Left, Detail of Doryphoros, Roman replica. Polyclitus model, (c. 440 B.C.) Naples, Museo Nacional./ Right, Diadumenos Head, Roman replica. Polyclitus model, (c. 420 B.C.) Dresden, Skulpturensammlung Staatliche Kunstsammlungen.

The Diadumenos, together with the Doryphoros, are the most celebrated sculptures by Polyclitus. Both are conceived as idealised young men who illustrate the principles set out in the Canon. Among these principles one of the most important states that the total height of the figure should be seven times the height of the head.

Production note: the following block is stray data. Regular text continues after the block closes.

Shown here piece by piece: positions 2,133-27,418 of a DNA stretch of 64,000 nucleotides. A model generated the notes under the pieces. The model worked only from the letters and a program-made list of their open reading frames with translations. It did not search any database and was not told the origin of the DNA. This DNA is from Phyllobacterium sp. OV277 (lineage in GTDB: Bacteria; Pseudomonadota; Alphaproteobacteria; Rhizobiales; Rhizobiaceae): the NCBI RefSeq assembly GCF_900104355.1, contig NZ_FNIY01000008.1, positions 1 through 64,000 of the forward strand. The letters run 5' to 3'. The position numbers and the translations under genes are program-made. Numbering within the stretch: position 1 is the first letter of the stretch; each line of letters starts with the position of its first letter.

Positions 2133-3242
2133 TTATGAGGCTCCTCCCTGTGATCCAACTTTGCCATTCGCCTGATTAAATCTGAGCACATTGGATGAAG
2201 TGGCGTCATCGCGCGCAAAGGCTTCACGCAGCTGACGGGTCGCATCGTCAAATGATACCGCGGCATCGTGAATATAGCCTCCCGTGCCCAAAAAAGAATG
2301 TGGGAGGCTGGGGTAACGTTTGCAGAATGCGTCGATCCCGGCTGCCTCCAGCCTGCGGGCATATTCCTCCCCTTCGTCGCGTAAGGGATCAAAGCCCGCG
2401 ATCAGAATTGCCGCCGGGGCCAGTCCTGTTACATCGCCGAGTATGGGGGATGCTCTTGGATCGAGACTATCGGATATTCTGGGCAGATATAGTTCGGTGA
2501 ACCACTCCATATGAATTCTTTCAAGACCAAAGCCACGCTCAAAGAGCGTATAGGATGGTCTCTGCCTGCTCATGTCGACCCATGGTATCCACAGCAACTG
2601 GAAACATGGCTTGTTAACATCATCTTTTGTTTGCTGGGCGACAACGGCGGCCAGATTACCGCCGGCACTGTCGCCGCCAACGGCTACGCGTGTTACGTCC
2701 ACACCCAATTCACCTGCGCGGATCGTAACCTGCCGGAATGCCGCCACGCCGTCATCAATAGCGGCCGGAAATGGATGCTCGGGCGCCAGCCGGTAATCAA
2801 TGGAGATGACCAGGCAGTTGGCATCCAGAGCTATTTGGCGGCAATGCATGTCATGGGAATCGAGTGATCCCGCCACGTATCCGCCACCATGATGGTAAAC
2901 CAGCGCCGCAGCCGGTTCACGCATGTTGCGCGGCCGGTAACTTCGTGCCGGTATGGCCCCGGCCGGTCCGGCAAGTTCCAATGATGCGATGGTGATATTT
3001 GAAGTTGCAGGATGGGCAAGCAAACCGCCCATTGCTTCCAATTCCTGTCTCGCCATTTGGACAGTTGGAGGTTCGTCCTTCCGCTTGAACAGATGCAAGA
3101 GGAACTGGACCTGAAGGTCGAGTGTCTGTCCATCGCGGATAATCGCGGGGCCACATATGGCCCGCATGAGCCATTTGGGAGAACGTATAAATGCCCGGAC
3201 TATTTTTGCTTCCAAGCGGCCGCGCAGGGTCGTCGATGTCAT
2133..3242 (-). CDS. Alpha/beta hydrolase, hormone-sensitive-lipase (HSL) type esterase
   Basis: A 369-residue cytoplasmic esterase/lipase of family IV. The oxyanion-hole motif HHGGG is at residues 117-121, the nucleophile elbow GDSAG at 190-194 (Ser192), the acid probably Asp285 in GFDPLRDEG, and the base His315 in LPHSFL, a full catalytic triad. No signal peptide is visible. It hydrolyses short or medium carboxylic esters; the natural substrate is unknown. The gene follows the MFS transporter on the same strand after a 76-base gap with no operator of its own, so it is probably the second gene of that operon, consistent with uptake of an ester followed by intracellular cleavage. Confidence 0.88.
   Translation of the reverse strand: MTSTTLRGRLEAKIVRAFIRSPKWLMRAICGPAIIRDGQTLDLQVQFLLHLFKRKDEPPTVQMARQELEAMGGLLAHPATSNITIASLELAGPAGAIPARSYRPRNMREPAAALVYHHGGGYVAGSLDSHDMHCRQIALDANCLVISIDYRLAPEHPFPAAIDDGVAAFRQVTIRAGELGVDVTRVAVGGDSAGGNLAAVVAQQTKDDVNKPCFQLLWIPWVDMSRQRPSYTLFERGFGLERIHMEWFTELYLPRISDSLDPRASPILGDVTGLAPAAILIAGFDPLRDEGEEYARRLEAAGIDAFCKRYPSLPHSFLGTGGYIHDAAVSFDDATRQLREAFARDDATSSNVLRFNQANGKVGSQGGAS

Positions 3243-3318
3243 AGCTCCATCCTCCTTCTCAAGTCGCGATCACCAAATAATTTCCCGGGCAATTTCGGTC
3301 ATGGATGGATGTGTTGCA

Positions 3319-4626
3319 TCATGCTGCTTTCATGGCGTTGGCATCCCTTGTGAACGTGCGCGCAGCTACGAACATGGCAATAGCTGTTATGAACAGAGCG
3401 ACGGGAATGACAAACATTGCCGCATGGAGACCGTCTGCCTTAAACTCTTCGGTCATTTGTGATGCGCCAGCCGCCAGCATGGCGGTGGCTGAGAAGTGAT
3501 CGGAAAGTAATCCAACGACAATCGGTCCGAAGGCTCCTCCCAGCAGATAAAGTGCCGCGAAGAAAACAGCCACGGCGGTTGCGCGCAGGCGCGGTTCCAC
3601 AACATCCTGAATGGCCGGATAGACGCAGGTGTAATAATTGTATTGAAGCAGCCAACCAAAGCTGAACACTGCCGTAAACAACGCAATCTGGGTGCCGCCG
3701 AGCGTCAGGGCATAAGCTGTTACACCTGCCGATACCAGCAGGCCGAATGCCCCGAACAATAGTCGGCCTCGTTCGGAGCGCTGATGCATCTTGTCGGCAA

The structure of the head reveals that this is a late work by the artist. While in the case of the Doryphoros, created thirty years earlier, the flat curls create a rigorously constructed system, the fuller, more dynamic curls of the Diadumenos result in a richness of motifs that can only be understood as a reflection of Attic works of the “beautiful style” influenced by Phidias and his school. Of the seventeen replicas that exist of the head, the ones in Madrid, Dresden, Kassel and Adolphseck are particularly exquisite copies.

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